Mainsail doesn't come down easily

wvansl

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Hi!
I have a Dufour 36 classic and every time I bring the main sail down I find that I have to pull the halyard down myself. When I let go of the hallyard completely and the mainsail is fully up it drops about 1/3 and then I have to pull the rest down.
It's my first boat and I can't compare it with other ones except for my RYA Skipper boat, there the mainsail went down directly if you let go of the halyard.

The tracks and the connections all look good (plastic), should I try to make it more smooth? I have the feeling it is easier to put down the sail if I don't have to pull so hard myself...
 
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Is this an iinternal mast groove with T shaped slides on the sail or an external track with cars?

The former can be cleaned by making up a strip 8-10 inches or so long of sailcloth or other suitable material with a suitable sized bolt-rope sewn into it. Around that sew a strip of Scotchbrite pad, tie loops in the bolt rope top and bottom and attach to halyard and a downhaul. You'll need to get bolt-rope size correct to ensure a tightish fit in the track. This can then be wetted with water and some washing up liquid and run up and down the groove a few times to remove any grime and oxidised aluminium deposits. Following that up with the tool liberally dosed with WD 40 or a silicone lube should ensure smooth running from then on.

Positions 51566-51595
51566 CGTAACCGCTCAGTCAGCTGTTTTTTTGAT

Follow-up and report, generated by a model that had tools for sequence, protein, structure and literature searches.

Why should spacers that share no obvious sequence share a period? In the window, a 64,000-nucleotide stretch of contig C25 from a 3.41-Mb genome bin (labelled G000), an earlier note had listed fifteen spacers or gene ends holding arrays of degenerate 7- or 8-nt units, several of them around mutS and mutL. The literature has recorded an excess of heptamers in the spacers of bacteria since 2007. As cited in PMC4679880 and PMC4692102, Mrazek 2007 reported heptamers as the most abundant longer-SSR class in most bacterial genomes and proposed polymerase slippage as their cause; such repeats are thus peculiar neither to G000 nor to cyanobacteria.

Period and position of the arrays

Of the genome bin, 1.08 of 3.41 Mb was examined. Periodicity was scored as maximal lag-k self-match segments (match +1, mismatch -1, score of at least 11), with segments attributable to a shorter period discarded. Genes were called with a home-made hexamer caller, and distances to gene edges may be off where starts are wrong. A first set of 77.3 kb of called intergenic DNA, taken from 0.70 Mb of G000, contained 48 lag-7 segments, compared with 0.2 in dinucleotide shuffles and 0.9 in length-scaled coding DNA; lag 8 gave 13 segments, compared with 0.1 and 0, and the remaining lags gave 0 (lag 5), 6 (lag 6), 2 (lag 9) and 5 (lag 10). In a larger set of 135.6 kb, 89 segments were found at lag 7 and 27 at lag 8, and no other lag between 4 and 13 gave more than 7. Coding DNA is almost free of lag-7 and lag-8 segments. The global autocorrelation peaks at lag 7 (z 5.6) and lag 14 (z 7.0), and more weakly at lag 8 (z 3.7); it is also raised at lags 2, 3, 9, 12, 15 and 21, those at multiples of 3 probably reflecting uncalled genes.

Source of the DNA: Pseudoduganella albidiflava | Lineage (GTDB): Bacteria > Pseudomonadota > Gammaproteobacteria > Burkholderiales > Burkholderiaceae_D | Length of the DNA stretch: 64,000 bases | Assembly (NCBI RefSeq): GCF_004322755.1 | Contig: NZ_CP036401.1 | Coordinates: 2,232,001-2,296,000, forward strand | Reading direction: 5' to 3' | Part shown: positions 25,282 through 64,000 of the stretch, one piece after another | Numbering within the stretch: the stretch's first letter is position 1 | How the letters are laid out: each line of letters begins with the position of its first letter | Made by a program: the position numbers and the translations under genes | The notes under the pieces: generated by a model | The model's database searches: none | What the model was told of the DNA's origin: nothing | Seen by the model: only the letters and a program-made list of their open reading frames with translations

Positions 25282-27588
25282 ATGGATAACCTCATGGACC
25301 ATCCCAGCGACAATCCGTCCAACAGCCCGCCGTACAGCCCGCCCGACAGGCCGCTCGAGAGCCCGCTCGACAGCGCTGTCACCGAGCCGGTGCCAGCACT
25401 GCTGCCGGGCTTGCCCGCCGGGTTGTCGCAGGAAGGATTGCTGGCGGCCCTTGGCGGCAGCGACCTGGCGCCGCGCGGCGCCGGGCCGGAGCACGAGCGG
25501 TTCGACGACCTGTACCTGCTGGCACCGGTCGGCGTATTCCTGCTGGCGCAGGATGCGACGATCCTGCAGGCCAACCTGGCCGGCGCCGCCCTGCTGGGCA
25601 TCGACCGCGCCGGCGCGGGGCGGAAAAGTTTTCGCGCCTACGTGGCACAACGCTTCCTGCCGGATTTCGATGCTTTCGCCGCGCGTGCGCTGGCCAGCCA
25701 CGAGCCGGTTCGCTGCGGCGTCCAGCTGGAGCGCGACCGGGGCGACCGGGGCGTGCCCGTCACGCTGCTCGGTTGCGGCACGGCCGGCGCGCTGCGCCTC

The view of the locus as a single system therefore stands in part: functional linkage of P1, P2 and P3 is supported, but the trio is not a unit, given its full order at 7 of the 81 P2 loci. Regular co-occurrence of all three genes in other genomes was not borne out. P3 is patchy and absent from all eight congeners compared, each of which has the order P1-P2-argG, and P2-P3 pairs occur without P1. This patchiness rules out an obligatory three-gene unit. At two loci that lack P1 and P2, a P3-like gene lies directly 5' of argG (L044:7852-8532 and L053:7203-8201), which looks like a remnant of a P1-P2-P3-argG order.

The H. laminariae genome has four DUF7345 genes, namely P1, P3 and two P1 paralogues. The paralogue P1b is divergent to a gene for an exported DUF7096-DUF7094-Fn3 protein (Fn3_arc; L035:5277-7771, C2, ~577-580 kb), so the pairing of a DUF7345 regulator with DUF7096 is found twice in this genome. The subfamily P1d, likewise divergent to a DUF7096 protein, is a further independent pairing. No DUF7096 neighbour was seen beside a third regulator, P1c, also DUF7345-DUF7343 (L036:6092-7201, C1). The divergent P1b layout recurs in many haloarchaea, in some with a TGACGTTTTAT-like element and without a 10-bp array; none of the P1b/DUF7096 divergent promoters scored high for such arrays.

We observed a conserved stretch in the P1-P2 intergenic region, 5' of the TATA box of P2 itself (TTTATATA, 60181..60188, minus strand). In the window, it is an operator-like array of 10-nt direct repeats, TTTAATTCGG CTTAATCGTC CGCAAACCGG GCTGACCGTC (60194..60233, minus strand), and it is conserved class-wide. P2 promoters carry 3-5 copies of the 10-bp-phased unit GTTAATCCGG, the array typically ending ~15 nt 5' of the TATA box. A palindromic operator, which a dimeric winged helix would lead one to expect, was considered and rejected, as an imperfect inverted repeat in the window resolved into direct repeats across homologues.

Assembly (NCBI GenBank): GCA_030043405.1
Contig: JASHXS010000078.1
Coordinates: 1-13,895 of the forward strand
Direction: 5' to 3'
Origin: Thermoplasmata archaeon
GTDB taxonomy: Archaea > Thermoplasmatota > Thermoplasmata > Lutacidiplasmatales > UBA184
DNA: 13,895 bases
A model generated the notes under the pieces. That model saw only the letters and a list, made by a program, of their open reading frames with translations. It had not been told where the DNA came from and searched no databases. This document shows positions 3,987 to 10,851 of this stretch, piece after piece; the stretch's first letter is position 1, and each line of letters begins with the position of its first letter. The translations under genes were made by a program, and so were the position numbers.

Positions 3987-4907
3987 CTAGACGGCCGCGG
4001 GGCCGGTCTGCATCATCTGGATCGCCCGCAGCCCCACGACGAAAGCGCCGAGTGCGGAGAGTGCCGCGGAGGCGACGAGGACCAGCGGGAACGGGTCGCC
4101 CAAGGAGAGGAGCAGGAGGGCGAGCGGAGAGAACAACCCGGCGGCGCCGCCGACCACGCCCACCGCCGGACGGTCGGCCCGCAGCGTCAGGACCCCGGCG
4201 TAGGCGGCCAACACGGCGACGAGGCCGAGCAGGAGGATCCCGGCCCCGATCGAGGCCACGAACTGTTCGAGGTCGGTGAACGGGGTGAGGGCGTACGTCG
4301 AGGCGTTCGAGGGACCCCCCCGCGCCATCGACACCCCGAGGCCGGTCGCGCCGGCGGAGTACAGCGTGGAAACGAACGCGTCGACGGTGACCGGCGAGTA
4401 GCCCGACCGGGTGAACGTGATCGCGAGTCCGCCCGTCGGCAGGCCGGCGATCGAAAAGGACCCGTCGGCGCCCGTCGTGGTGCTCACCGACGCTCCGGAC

I'd also attach a downhaul to the halyard and run it up and down to prove that the halyard itself in runnng free - keep some tension on it so if it has been rigged with a turn(s) around anything else inside the mast you'll fell it binding.

I'm sure with a bit of ingenuity a device working on similar principles could be created for an external track.

I've also found in the past that two or three roller-cars interspersed among the T slides keeps the sail lying true as it is raised and lowered
 

Tranona

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A perennial problem with that setup which can be improved by cleaning and spraying, but the solution is to change to batten cars or fit a Tides Marine track. shaft-seals.co.uk/product/sail-track-system/ Tghis uses the same sail but with new slugs and a new track fitted inside the existing. Generally cheaper than the better batten car systems. i have fitted one and it works well.